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Introduction to Operations Management - I

Prof. B Mahadevan
Analyzing Capacity in Operations
Week 02 C02_A

We have developed some basic understanding of the notion of capacity. We have also
found ways by which organisations try to define capacity. Let's now begin to address the
first and the foremost question in this capacity analysis and that is how do I make an
assessment of the capacity in my organisation? Everyone ask this question and a related
question is, what kind of data I need to collect in order to estimate the capacity in my
workplace or it could be a department in the organisation. So what kind of data do I need?
So this is another question that we have. So before we address these questions, let's take an
example. In a typical hospital, there are doctors, paramedical staff who are involved in the
treatment of the patients. The hospital may also use certain equipments, diagnostic gadgets
such as an MRI scan or an X-ray machine. The hospital may also have a certain number of
waiting spaces, resources like operating theatres. All these collectively influence the
capacity in the hospital in terms of how many number of patients are treated let's say in a
out-patient section or in a surgical . . . block. However, given a certain number of each of
these resources, how will it affect the outcome in terms of patients waiting, the residents'
time in the hospital? All these are determined by fundamentally the design of the process
deployed to deliver the healthcare. So process analysis is a method by which we can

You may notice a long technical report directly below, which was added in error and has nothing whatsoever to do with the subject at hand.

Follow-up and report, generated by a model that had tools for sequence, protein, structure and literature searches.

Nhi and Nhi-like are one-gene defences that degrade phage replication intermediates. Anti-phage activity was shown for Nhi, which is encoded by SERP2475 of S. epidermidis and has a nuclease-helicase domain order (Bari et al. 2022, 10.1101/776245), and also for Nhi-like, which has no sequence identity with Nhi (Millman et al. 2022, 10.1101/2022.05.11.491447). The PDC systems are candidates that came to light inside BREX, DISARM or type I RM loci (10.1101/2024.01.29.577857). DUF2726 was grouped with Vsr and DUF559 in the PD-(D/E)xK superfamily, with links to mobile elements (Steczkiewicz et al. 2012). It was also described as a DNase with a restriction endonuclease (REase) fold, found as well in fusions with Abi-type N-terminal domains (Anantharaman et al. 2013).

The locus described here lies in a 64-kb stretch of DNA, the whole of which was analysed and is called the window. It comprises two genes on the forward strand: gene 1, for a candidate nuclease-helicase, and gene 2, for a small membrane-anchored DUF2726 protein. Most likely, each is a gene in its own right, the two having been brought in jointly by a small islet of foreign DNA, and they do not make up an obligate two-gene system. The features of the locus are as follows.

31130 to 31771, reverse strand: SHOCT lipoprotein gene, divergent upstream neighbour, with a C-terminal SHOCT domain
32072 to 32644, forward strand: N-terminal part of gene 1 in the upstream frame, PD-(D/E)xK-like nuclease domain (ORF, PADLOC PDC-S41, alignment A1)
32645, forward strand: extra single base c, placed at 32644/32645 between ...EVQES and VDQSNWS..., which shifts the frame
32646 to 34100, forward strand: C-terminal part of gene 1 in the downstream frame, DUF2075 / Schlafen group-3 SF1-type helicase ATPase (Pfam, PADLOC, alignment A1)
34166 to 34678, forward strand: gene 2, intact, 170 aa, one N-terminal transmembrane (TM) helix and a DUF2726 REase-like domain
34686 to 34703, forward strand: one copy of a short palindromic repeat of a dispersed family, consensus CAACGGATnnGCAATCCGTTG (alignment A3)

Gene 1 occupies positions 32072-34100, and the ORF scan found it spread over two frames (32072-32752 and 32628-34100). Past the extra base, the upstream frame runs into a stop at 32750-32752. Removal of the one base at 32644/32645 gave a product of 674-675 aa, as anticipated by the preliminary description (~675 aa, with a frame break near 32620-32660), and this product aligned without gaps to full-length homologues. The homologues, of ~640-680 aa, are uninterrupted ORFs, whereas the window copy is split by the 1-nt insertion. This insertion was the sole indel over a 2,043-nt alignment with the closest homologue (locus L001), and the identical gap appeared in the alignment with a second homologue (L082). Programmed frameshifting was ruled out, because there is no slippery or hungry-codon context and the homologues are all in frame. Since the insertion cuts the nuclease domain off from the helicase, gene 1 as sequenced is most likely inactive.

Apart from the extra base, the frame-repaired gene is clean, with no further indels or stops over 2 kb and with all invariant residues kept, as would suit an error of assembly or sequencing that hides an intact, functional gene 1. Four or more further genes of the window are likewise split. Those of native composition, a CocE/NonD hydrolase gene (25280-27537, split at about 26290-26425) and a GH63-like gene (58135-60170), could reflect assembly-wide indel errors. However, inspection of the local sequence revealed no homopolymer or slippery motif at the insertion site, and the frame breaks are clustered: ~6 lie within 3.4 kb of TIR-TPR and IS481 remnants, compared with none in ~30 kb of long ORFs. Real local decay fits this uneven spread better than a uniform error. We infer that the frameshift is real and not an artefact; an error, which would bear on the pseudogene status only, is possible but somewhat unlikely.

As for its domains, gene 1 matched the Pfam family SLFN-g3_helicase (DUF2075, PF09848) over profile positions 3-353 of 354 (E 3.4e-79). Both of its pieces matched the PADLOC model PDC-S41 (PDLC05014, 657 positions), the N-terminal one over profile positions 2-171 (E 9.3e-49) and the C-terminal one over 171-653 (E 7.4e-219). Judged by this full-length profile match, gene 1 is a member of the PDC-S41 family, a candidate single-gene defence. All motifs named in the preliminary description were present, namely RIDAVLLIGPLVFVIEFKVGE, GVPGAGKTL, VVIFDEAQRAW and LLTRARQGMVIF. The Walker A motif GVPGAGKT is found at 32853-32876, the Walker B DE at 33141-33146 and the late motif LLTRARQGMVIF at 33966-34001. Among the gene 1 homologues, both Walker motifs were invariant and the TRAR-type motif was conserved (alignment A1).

incorporate all these details and use some logic to analyze these aspects pertaining to
capacity in the system. We shall first take a look at the fundamental building blocks of any
process. It could be a hospital, it could be a manufacturing firm, it could be . . . a service
firm . . . doing a variety of . . . other services. So let's try to list down the kind of information
that we may need to analyze a process. That's where I think we need to start. So what are
these building blocks? The first in our journey in terms of . . . understanding a process is
what I may call it as Activities. These are the building blocks that make up a process. Every
process has a set of activities and these activities are to be organized in a particular way. So
that brings us to the second aspect which I call it as Technological and Logical Constraints.
Because, if you have let's say 10 Activities, something must dictate the order in which these
10 steps are carried out. This is important because only then we will know the flow of
Activities and, therefore, that will influence capacity and so on. So Activities and once you
have a set of Activities, the Technological and the Logical Constraints. So let's take one
manufacturing example and one service example to understand these two ideas and then
let's go adding additional details to design a process.

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